Detroit public schools to shut off all drinking water after tests show elevated lead, copper levels

Schools to start year with bottled water

Drinking fountain (Getty)

DETROIT – Detroit public schools will start the year using bottled water in every school after tests revealed elevated lead and copper levels in the drinking water.

The Detroit Public Schools Community District conducted tests on all faucets at schools. The water coming from DWSD passed the standard, but fixtures and lines caused elevated levels at some of the schools. 

Here's what Detroit  Public Schools Community District Superintendent Nikolai P. Vitti said in a letter:

I initiated water testing of all of our school buildings during the spring to ensure the safety of our students and employees. This was not required by federal, state, or city law or mandate. This testing, unlike previous testing, evaluated all water sources from sinks to drinking fountains.

This past week initial results were returned for 24 schools and higher than acceptable levels were identified for copper and/or lead in 16 schools at one or more water sources. I immediately turned off the drinking water at those schools and provided water bottles until water coolers arrive.

When I started as superintendent last year, I was notified that 10 schools were using a DiHydro filtration system. I made the decision to shut off all drinking fountains and provide bottled water and water coolers to those schools at that time because of my concerns with water quality despite the intervention.

The latest water results (16 schools), coupled with those from 2016 (10 DiHydro schools) and follow up results in the spring of 2018 for schools identified with concerns in 2016 (8 schools) in the spring, brings the total number of schools with water quality issues to 34.

Although we have no evidence that there are elevated levels of copper or lead in our other schools (over 50) where we are awaiting test results, out of an abundance of caution and concern for the safety of our students and employees, I am turning off all drinking water in our schools until a deeper and broader analysis can be conducted to determine the long-term solutions for all schools.  

I have communicated this decision to the Mayor’s Office and the Mayor and his team are supportive of the decision and intend to require all city charter schools to participate in the same level of water testing as we initiated last year.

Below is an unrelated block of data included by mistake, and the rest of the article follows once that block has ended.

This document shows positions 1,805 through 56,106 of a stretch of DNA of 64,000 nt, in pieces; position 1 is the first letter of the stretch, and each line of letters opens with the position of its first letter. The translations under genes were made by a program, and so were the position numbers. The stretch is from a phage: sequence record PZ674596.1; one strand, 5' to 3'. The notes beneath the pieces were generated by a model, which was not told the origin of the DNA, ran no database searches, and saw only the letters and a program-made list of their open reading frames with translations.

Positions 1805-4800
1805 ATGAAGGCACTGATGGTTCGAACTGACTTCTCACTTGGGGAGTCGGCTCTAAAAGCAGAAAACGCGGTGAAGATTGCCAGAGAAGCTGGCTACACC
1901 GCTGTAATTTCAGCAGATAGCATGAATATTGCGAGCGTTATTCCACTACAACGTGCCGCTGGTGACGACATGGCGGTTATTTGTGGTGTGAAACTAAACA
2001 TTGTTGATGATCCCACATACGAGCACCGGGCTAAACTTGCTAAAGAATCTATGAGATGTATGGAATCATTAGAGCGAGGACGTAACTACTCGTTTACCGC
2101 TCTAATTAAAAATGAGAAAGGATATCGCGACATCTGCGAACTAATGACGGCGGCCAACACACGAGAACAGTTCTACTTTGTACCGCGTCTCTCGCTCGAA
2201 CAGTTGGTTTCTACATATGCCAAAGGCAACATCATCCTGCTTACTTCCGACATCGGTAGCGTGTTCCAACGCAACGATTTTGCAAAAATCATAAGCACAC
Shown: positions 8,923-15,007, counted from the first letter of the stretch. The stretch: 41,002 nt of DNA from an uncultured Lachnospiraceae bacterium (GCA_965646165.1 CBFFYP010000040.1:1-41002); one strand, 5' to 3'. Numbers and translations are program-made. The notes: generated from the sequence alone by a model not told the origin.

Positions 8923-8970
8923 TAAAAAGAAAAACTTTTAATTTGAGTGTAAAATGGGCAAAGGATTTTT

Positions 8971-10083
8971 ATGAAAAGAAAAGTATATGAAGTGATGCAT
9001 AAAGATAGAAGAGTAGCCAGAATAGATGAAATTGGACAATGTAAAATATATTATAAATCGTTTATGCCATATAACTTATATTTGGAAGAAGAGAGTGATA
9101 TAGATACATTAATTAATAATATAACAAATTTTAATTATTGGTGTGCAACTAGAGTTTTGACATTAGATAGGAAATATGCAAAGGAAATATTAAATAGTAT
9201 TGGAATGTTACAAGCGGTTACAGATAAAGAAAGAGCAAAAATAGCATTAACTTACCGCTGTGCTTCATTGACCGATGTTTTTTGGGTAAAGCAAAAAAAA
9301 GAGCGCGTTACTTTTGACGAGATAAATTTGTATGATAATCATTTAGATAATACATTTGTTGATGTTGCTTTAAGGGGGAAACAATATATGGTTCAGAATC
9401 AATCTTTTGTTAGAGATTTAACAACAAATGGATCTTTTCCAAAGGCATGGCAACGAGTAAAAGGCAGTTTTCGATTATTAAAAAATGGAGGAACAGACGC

The Mayor’s Office plans to partner with us to determine challenges with water quality in our schools and solutions to them. 

We have communicated our decision to staff and families and will continue to communicate when students return to school next week. 

Chrystal Wilson, spokeswoman for DPSCD, provide the following list of schools that have a strategy for bottled water and water coolers: 

  • Ben Carson
  • Breithaupt 
  • Bunche 
  • Detroit Collegiate Preparatory 
  • Edison Elementary School 
  • John R. King Academy 
  • Moses Field 
  • Thirkell Elementary School 
  • Thurgood Marshall 
  • Wayne Elementary School 
  • Burton International
  • Bow Elementary-Middle School 
  • Carstens Elementary-Middle School
  • Carver STEM
  • Clark Elementary-Middle School 
  • Detroit Lions Academy 
  • Sampson-Webber Academy 
  • Spain Elementary-Middle School 
  • Academy of the Americas Elementary-Middle School 
  • Adult Education- East 
  • Bates Academy 
  • Bennett Elementary-Middle School 
  • Cass Technical High School 
  • Roberto Clemente Elementary
  • Clippert Elementary Middle School 
  • Coleman Young Elementary School 
  • Davis Aerospace @ Golightly 
  • Dixon Academy 
  • Foreign Language Immersion 
  • Hutchinson @ Howe 
  • Keidan 
  • Noble Elementary-Middle School 
  • Marcus Garvey 
  • Renaissance High School 
  • Water tested at Detroit schools in 2016, 2017

    In February 2017, drinking water lead and copper levels were deemed now below the Environmental Protection Agency's guidelines at all 94 of the Detroit Public Schools Community District buildings. That was nearly a year after testing found 19 out of 62 buildings in the district had elevated lead and copper levels in drinking water. 

    Read back: 

    UPDATE: Task force will be created after tests reveal elevated lead levels in Detroit public schools

    About the Authors:

    Ken Haddad is the digital content and audience manager for WDIV / He also authors the Morning Report Newsletter and various other newsletters. He's been with WDIV since 2013. He enjoys suffering through Lions games on Sundays in the fall.